On the other hand, we have seen attractive opportunities to densify our network in South America. We’re improving the connectivity from our hubs in Lima and Santiago, with other relevant cities in regions such as Cali, Brasilia or Quito. In addition, we have identified attractive point-to-point routes such as Cuzco – La Paz that we will start operating this July.

Please turn to slide number seven. Our customers continue recognizing LATAM for the ultimate travel experience that we offer to our passengers. This reflects the efforts that we continue to put in all the steps of the travel and we reaffirms our commitment to improve the travel experience of our passages. We have been recognized for the second year running as the Best Global Airline in South America by the Passenger Experience Association Of Airlines, APEX, Passenger Choice Awards. LATAM was also recognized for the Best Seat Comfort, Best Cabin Service, Best Food and Beverage, Best Entertainment, and Best Wi-Fi in South America. In addition, the readers of the publication, PAX International, chose us as the airline with the best catering service in South America for the second year running.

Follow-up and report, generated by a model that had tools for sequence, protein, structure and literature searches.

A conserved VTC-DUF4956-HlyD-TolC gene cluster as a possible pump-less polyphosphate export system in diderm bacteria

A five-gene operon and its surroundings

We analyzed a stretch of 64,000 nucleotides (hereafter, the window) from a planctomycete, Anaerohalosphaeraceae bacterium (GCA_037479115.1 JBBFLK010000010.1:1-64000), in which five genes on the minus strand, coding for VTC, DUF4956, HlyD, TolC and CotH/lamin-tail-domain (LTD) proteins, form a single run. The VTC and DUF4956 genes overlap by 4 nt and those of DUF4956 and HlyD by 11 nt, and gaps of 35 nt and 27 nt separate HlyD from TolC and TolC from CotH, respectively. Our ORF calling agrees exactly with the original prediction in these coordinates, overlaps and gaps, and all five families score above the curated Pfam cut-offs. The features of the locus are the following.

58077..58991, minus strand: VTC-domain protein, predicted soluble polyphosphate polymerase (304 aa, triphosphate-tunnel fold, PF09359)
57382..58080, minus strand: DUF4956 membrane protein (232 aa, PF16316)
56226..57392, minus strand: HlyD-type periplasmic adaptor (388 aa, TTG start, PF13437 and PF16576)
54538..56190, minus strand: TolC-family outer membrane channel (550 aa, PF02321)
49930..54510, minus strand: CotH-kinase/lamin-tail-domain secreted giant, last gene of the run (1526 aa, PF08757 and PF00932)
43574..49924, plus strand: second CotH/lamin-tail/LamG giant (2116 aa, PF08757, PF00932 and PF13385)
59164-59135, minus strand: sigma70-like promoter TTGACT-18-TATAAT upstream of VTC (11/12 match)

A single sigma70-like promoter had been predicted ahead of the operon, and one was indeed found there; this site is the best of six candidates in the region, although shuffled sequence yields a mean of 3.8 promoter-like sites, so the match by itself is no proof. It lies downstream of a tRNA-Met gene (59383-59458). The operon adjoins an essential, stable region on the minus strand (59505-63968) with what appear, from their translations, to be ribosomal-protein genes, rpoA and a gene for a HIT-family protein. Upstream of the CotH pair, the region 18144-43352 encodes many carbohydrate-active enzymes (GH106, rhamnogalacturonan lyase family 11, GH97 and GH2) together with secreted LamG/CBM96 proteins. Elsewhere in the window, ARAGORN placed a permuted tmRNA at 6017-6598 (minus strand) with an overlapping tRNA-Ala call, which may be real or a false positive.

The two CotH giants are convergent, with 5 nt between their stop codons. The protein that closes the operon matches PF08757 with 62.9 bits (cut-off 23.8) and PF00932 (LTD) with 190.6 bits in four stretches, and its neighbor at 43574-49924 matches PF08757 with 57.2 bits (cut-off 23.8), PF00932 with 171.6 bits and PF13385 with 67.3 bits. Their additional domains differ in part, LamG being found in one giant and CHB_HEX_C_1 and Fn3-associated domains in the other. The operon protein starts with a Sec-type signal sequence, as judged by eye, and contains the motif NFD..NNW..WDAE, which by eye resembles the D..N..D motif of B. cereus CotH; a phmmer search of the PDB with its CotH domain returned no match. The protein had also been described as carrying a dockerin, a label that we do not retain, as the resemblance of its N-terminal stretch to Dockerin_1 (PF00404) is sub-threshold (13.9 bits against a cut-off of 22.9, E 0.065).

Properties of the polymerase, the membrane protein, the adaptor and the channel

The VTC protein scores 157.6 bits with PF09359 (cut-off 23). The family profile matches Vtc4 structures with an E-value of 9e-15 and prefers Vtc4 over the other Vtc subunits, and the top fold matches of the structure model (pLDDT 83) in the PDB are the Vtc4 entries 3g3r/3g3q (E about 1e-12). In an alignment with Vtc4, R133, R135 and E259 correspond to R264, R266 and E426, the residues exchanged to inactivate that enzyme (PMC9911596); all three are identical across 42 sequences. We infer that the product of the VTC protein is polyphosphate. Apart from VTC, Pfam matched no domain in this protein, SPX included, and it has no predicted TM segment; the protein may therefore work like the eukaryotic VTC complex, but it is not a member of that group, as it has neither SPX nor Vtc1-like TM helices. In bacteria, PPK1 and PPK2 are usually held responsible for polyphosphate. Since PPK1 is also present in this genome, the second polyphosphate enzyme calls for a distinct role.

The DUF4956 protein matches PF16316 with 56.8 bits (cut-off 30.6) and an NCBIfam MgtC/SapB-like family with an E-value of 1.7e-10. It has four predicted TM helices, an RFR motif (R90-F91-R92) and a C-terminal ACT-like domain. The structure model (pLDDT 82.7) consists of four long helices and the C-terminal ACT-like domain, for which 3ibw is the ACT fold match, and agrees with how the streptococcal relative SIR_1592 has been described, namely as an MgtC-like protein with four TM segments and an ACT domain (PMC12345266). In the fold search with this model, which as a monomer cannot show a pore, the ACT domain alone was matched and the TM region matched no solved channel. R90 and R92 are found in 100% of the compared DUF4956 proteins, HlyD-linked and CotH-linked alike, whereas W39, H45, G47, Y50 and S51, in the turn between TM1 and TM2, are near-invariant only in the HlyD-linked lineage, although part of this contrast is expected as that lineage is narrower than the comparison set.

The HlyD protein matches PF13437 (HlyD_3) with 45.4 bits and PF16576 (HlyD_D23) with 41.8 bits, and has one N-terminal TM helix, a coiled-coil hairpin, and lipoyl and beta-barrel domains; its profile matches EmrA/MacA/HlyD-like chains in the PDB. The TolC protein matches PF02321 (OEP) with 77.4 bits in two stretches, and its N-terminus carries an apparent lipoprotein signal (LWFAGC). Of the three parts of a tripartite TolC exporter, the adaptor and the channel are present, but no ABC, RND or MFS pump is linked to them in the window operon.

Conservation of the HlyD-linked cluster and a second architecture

Please turn to slide number eight. Regarding our financial metrics shown on slide eight. Our gross debt reached $7.6 million and leverage up 4.3 times. We continue having a very good liquidity position with $1.5 billion cash on hand plus $575 million of revolving facility, which is totally undrawn as of today. With this, LATAM’s liquidity position reached almost 21% over the last 12 months revenue. Our debt maturity profile shown at bottom of slide, shows a remainder of $770 million payable in 2019 and $1.5 million for 2020 due to the maturity of the unsecured 2020 notes of $500 million.